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5/28/2008

No legislation on rest days for maids

The onus or privilege is left to the employers to look after the maids well. The fact is that many employers have not been treating the maids well. Why are we not legislating at least one day a week as rest days for maids? It is only decent and human to allow the maids a day off a week like all workers. If as a country we are unable and did not want to do it, we can expect employers to think that it is alright to do so. Individually some employers may not want to do it. As a country, as a people, it is important that we get this message across that maids are human beans and need a rest day. Maids are not indispensable for 365 days a year. There are just like tools of convenience for those who can afford them. But they are not mechanical. It is unbelieveable to accept the notion that our families cannot live without a maid for one day in a week. And if they really need a maid everyday, pay for it. It is definitely a luxury. Maid is a new development and a new help for families. We, as a people, fails miserably in this area. This is not even about being graceful, it is about being disgraceful. We don't expect ourselves to work everyday of the week but we expect another human bean to do so for our comfort. What are we becoming when we get richer?

6 comments:

Matilah_Singapura said...

The govt should not be interfering in the labour market dictating who should have a day off or holidays or whatnot.

That is an area of contract between employer and employee.

The decision not to interfere is in keeping with healthy free market principles.

Good job.

redbean said...

do you know that singapore has something called, 'Employment Act?' if we see it necessary to legislate to protect our workers, why not legislate to protect the maids?

Matilah_Singapura said...

The employment act doesn't protect workers per se. It makes sure that the workers are "legal" and that tht govt gets its tax and cpf revenue.

If you want legislation, please don't ask me. I defend the free market, and write for pure fun. You want a law paased? See your MP.

redbean said...

obviously you have no clues about the existence of the Employment Act and what is in it.

Anonymous said...

Off topic but witnessing the repartee brought this to mind.

Sad to say people who live in glass towers see no evil, hear no evil and say no evil. They have not come down to earth to witness the abject lives of many Singaporeans and even foreign workers eking a living, struggling to make ends meet. If this is survival of the fittest in a concrete jungle, then Singapore neatly fits the bill.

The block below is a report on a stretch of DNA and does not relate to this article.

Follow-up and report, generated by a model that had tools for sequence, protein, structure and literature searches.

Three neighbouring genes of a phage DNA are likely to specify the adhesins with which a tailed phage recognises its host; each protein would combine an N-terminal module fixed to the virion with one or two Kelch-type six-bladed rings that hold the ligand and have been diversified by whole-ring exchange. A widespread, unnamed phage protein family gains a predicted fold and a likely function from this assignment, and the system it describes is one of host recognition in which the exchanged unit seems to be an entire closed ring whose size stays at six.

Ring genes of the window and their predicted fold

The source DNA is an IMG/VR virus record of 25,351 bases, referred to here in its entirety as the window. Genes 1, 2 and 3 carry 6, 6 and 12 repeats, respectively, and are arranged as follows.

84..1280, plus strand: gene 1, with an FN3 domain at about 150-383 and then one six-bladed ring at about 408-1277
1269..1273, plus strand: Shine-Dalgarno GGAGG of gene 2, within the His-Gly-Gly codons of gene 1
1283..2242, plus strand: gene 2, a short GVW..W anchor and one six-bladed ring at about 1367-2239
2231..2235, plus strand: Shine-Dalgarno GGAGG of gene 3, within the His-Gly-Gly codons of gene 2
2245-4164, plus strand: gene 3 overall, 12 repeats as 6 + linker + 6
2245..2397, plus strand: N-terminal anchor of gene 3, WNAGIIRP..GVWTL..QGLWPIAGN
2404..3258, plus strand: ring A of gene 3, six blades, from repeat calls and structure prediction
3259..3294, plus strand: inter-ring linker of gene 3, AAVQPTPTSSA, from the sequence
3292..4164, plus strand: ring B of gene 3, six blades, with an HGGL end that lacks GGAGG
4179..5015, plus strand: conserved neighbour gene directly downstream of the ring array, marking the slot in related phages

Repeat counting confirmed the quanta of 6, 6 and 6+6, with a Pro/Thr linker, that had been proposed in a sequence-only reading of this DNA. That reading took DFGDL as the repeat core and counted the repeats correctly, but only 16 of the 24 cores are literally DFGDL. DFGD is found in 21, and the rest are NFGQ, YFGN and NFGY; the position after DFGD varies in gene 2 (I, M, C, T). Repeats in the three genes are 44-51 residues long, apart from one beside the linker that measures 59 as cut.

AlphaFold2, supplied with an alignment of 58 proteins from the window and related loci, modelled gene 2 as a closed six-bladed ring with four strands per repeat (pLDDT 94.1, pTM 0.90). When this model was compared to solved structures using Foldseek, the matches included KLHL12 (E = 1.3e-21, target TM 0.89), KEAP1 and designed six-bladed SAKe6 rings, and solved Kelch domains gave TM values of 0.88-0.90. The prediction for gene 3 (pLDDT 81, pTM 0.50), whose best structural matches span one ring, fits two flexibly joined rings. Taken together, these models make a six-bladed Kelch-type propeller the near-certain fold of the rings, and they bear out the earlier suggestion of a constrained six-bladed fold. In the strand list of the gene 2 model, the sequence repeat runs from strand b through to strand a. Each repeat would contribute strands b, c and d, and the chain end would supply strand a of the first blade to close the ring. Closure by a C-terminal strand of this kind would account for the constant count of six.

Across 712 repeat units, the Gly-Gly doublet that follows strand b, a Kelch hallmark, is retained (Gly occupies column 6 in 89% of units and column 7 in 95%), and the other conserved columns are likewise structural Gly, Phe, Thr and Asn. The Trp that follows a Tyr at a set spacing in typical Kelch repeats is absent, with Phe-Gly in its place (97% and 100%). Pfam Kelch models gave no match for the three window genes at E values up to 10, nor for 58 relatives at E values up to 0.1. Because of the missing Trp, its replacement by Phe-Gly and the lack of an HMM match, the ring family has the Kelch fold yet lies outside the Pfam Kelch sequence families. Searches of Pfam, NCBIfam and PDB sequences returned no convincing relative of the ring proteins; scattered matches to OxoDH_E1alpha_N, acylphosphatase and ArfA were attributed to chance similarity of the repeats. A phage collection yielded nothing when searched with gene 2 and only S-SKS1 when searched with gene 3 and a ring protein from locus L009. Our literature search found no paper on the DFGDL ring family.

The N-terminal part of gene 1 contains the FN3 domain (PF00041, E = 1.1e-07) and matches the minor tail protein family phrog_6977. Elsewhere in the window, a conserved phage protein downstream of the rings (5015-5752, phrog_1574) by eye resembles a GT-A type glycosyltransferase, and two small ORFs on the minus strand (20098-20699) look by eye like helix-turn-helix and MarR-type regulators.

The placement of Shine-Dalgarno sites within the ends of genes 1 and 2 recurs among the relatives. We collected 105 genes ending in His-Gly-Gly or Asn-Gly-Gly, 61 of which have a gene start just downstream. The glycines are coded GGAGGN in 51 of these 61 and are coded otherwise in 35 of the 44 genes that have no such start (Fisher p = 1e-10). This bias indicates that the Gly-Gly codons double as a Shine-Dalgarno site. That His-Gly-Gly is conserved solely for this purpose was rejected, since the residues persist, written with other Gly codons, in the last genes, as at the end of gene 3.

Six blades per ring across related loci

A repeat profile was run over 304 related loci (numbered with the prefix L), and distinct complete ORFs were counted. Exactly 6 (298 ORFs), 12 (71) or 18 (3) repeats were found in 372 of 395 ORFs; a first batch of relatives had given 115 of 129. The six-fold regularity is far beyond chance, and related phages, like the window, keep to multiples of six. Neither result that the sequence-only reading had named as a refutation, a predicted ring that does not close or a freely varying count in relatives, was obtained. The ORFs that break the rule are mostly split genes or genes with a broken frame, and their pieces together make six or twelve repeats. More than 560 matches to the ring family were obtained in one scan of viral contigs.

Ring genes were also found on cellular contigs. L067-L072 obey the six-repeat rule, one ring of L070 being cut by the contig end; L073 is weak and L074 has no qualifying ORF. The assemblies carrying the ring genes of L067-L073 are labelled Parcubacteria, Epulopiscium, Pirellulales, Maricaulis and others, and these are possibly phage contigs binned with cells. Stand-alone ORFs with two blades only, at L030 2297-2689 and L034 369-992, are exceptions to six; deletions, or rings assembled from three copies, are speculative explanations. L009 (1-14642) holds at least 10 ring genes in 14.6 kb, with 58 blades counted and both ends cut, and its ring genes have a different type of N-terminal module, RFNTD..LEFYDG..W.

Being one of the elite and living in their comfort zone, they deign refuse to accept that their fellow human beings are in utter despair and have lost all hope in being able to get back to what they once had and lost. All that they have worked for since they began working, are of little worth to continue living comfortably after retiring. Maids are no different, they came here to work honestly and be paid for their services. They did not come here to be slaves to Singaporeans. Coming out of their country to work is usually their last resort. Singapore is a country lacking in compassion.

Matilah_Singapura said...

I completely agree with anon.

When I did the "big move" way back in 2000/2001 from Per-Sin, I got together with some like-minded folks and formed a "commune" in one of the old colonial black and whites -- in those days very cheap. 7 people living in the house, 2 maids. The maids were paid $1k+ each (plus cpf), and were given a day off each (but not together) -- one had Sunday, the other Monday. They ate the same food we did, and one of the "ground rules" was that they were to be treated with respect.

Result? One of the best run households ever. House was always clean. Maids were happy.

When they put up the rent, we finished the lease and went our seperate ways. I kept one of the maids on part-time basis, and paid her $20 an hour to do my apartment. My friends "cursed" me for "spoiling the market", comments which I promptly ignored.

If you pay the right people properly, you get better service. Sometimes you get loyalty too.

"Compassion" has nothing to do with it. I don't consider myself "compassionate" as it conflicts with my hard-core capitalist streak. But I do believe in making "good trades", because that is the surest way to a (relatively) trouble and worry-free life.